At least 3.8 million fish were killed, according to the Texas Parks and Wildlife Department.
The fish kill consisted of at least 61 species, which included non-recreational species like Silver Perch, Hardhead Catfish, Pinfish, Bay Anchovy and Striped Mullet. They accounted for 91% of the total dead.
According to TWPD, non-game fish are "ecologically important, providing food for larger game fish as well as adding to the overall diversity of Texas Bays."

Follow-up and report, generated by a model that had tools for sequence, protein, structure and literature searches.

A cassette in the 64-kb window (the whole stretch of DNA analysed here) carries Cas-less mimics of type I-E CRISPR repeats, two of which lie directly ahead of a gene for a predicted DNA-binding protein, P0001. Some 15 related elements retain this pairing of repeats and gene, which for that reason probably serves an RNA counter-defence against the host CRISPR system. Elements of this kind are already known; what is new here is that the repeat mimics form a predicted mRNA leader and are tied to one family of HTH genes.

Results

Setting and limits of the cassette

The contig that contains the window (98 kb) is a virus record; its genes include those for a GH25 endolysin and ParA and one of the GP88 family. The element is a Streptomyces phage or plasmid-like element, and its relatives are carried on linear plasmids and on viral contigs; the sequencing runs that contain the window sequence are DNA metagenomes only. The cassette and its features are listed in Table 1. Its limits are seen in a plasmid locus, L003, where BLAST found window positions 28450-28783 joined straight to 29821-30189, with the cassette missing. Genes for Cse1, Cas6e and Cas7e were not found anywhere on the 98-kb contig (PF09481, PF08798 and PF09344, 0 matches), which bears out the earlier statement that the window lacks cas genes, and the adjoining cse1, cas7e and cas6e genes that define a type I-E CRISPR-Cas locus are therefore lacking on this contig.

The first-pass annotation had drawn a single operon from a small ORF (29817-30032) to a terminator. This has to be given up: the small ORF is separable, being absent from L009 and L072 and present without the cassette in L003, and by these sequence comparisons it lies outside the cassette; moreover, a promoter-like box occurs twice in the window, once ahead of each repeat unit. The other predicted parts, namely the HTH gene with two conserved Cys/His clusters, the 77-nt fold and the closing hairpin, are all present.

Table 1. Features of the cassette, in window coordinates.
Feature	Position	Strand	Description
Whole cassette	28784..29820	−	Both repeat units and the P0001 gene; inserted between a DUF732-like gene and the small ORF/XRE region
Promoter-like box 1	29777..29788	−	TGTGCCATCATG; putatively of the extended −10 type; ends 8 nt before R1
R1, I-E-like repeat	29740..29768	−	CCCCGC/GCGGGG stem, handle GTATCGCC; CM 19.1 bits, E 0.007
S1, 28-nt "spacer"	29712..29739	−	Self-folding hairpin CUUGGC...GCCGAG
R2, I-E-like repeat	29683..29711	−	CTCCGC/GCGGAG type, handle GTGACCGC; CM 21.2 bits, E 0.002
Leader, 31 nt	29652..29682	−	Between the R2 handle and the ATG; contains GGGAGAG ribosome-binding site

Recreationally important game species accounted for the other 9% of the mortality total. The dominant species included are Spotted Seatrout, Black Drum, Sheepshead, Sand Seatrout, Red Drum, Gray Snapper, and Red Snapper.
Both the Upper and Lower Laguna Madre bays were hit particularly hard by the winter storm. The Lower Laguna Madre had the highest mortality of Spotted Seatrout with an estimated 104,000 fish killed.
Similarly, the Upper Laguna Madre saw an estimated 82,600 Black Drum fish killed.
While last month's freeze impacted a large area of the Texas coast, the overall number of fish killed seems to be lower than any of the three freeze events in the 1980s, which killed almost 32 million fish.